Those questioned are: Mike Hussey, Jennifer Hawkins, Tim Finn, Germaine Greer, Bryce Courtenay, Libby Trickett and Rhys Darby.

1 The Storm Within Germaine Greer , 2008 extract essay (On Rage)
— Appears in: The Age , 2 August 2008; (p. 12-13) The Sydney Morning Herald , 2-3 August 2008; (p. 32)
1 11 y separately published work icon On Rage Germaine Greer , Carlton : Melbourne University Press , 2008 Z1516600 2008 single work essay

'On Rage is Germaine Greer's enduring essay about Aboriginal dispossession. With characteristic acuity and passion, Greer looks to the causes of rage and its consequences in Indigenous Australian men.

'Originally published six months after Prime Minister Kevin Rudd's Apology to the Stolen Generations in 2008, this is an urgent and provocative examination of disempowerment by one of Australia's leading polemicists. ' (Publication summary)

1 Germaine Greer on Merrie England Germaine Greer , 2005 single work prose
— Appears in: The Weekend Australian , 7-8 May 2005; (p. 2)
1 The Last Word Germaine Greer , 2004 single work criticism
— Appears in: Whitefella Jump Up : The Shortest Way to Nationhood 2004; (p. 217-232)
1 It Wouldn't Pay to Return Home Germaine Greer , 2004 single work criticism
— Appears in: The Weekend Australian , 17-18 April 2004; (p. 27)
Greer reacts to the 'badging' by The Australian newspaper of her essay, originally commissioned by The Times (London) and re-published by The Australian under the banner 'Slack and Insufferable'. She also takes issue with the negative reaction of Australians, including the Prime Minister, John Howard, to the thoughts expressed in the essay.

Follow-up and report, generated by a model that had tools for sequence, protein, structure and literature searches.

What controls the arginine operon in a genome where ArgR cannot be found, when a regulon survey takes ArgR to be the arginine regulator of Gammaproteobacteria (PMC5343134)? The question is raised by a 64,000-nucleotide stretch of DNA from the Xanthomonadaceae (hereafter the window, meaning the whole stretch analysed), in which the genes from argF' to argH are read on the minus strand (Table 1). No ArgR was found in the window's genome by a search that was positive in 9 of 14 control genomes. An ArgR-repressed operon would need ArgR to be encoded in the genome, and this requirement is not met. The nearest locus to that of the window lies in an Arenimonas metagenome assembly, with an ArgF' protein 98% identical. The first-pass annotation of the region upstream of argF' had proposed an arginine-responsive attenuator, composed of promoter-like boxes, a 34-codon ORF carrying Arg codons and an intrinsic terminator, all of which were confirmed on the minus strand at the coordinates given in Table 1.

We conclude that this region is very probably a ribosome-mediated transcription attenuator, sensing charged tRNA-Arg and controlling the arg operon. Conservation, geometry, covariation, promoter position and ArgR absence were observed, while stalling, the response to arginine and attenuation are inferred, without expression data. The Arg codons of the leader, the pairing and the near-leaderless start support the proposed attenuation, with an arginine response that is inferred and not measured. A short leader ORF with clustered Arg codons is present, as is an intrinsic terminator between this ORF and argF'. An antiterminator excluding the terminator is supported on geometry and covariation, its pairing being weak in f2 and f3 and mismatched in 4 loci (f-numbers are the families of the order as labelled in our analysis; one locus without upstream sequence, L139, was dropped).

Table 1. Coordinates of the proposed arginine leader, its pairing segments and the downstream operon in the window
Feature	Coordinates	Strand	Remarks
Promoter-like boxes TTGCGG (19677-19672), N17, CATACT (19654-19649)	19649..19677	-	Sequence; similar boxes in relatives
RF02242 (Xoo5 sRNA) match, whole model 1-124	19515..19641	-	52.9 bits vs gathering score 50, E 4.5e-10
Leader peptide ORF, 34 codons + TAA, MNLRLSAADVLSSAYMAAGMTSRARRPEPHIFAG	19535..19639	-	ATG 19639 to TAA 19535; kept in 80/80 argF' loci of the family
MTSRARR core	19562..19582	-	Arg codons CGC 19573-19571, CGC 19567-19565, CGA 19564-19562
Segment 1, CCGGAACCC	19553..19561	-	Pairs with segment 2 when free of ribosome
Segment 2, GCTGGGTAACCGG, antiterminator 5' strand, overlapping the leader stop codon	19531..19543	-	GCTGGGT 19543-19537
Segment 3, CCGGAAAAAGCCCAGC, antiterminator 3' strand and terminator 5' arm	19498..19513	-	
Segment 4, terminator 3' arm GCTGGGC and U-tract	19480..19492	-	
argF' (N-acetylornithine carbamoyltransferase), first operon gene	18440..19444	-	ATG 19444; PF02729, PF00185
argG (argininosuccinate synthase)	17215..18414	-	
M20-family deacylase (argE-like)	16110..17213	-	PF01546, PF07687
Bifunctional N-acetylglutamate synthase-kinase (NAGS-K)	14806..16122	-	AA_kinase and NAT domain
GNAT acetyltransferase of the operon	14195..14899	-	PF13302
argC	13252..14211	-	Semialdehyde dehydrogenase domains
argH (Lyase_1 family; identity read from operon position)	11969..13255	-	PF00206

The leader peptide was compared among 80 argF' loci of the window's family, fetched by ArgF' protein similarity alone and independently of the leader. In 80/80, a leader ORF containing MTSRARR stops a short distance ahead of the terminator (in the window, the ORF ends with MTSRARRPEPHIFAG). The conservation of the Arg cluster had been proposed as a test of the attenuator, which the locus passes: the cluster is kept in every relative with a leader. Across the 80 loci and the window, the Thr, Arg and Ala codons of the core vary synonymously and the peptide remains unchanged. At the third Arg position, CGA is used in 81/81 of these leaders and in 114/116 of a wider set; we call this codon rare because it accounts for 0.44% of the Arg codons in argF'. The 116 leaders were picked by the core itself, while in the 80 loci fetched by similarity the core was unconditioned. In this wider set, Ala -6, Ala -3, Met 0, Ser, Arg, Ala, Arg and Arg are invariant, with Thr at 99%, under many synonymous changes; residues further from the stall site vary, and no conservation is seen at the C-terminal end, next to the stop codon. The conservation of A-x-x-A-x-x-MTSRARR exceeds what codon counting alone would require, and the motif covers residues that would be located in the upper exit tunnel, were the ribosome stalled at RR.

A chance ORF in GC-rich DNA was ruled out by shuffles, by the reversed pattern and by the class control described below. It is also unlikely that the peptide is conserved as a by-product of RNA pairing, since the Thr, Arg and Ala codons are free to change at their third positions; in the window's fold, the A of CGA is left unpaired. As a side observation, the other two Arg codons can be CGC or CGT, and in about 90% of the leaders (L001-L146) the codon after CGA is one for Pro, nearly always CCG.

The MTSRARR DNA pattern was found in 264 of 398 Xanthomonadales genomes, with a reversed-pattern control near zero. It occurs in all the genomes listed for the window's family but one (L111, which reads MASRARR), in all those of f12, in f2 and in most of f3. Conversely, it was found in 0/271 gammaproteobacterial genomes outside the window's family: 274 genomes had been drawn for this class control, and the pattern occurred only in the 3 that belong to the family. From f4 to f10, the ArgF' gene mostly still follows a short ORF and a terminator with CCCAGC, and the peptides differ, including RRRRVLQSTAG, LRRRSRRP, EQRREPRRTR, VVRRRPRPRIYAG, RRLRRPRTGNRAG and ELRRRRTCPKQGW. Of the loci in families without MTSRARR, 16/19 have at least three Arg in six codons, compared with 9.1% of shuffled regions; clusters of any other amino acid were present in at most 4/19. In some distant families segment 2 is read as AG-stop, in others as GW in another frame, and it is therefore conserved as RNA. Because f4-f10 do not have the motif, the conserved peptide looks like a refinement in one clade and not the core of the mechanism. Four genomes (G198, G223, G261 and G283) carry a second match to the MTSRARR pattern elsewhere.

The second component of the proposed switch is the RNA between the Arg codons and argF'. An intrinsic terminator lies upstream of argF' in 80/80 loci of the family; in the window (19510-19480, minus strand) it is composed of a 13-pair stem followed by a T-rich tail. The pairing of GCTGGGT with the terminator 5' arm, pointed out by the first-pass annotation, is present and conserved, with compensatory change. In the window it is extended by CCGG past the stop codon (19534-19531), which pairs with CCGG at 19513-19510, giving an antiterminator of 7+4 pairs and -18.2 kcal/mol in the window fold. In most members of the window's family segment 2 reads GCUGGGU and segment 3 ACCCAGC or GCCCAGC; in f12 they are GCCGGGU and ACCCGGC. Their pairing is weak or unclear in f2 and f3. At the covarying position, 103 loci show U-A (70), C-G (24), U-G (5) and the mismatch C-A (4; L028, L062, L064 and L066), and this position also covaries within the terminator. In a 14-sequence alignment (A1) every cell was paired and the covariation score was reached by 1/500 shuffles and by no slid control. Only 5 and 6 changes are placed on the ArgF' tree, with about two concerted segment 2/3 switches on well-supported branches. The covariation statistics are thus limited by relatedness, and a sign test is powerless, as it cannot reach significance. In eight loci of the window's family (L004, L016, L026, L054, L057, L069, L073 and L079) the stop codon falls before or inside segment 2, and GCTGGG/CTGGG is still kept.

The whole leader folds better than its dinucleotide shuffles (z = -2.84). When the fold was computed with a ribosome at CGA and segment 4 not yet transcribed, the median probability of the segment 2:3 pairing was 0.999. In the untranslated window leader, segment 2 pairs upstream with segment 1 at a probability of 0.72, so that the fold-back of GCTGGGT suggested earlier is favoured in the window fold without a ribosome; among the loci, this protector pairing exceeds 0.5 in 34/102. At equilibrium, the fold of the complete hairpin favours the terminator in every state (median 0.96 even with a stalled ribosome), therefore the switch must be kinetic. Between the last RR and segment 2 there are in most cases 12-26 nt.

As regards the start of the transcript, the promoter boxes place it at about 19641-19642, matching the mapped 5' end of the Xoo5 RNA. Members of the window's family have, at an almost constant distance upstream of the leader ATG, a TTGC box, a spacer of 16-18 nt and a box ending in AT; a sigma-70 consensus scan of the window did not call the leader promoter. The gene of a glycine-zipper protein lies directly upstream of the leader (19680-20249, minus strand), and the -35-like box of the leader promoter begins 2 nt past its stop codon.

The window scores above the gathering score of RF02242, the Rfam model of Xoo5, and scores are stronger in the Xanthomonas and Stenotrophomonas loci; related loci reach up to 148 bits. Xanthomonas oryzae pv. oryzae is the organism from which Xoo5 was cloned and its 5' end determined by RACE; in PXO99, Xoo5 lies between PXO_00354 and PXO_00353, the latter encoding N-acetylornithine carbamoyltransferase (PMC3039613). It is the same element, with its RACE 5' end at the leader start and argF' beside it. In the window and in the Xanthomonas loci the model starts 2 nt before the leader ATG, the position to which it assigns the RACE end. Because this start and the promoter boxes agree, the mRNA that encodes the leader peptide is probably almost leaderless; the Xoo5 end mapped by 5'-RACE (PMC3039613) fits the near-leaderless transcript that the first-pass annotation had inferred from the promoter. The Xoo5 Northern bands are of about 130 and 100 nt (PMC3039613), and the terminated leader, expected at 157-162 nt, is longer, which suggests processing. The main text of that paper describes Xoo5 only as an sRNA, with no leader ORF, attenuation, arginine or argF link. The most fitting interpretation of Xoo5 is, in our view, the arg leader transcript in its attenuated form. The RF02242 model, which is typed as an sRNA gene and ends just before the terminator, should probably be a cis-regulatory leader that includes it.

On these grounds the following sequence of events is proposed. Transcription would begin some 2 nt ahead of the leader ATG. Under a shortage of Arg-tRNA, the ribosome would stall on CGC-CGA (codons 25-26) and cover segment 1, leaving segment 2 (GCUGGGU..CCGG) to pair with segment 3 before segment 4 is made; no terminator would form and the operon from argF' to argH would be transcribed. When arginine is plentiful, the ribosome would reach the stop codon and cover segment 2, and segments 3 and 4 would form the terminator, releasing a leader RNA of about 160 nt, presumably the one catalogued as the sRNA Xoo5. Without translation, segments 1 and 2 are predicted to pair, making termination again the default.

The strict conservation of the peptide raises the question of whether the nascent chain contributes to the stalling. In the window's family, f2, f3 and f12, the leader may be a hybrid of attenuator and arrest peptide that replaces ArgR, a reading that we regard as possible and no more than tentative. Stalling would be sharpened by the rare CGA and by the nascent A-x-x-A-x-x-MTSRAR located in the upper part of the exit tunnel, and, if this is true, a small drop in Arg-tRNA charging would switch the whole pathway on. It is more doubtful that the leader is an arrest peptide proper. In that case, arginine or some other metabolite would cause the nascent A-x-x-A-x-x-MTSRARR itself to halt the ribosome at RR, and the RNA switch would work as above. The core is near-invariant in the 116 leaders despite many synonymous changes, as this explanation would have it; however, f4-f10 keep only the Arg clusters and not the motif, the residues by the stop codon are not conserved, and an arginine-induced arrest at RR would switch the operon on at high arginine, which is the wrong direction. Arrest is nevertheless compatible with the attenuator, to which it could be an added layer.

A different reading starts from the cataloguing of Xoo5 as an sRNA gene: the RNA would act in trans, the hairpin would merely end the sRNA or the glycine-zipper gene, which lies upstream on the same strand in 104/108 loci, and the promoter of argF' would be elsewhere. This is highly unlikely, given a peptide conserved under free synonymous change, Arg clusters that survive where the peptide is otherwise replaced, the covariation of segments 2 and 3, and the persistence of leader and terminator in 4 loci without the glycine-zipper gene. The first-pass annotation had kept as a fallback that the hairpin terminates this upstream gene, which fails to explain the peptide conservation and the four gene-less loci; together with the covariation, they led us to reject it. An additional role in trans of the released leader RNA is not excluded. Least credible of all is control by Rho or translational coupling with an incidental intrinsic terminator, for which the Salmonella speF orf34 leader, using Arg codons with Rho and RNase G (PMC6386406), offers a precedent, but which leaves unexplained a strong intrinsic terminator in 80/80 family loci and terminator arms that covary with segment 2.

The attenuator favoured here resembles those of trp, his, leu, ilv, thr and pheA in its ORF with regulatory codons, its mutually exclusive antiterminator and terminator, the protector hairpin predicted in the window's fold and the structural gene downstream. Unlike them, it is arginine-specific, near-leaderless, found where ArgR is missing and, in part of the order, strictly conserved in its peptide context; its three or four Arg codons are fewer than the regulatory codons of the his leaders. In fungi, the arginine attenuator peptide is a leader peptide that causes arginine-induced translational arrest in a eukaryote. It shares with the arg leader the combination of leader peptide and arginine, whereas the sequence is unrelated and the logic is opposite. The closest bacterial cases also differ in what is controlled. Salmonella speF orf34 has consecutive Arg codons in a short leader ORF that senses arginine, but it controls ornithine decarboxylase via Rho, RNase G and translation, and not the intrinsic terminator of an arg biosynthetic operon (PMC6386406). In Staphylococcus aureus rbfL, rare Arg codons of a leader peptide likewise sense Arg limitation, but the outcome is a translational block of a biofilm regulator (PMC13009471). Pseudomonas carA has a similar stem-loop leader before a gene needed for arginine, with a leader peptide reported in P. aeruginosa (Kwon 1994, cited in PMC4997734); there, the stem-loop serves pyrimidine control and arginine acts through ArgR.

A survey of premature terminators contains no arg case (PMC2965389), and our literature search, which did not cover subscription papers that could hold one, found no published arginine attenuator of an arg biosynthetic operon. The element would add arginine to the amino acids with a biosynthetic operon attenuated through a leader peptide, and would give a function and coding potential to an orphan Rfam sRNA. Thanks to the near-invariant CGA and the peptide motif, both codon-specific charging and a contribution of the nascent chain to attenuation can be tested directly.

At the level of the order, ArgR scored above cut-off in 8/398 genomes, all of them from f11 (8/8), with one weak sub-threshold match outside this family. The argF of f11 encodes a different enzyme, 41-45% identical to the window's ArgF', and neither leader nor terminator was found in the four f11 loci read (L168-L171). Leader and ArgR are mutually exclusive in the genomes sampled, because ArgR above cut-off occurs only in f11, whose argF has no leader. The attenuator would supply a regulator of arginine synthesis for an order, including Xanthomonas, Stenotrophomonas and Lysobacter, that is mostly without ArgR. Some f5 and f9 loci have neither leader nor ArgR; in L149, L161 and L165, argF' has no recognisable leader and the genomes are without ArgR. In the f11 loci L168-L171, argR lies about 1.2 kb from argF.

1 1 Slack and Insufferable Germaine Greer , 2004 single work essay
— Appears in: The Australian , 22 January 2004; (p. 11)
1 Whites Can Learn from Us Germaine Greer , 2003 single work column
— Appears in: Koori Mail , 24 September no. 310 2003; (p. 32)
1 One Big Happy Mob Germaine Greer , 2003 extract essay (Whitefella Jump Up : The Shortest Way to Nationhood)
— Appears in: The Weekend Australian , 6-7 September 2003; (p. 24)
Greer contends that 'the Australian national character derives from the influence of the Aborigines whose dogged resistance to an imported and inappropriate culture has affected our culture more deeply than is usually recognised'. Greer illustrates her argument with reference to Tom Collins' Such is Life : Being Certain Extracts from the Diary of Tom Collins and the short stories of Henry Lawson.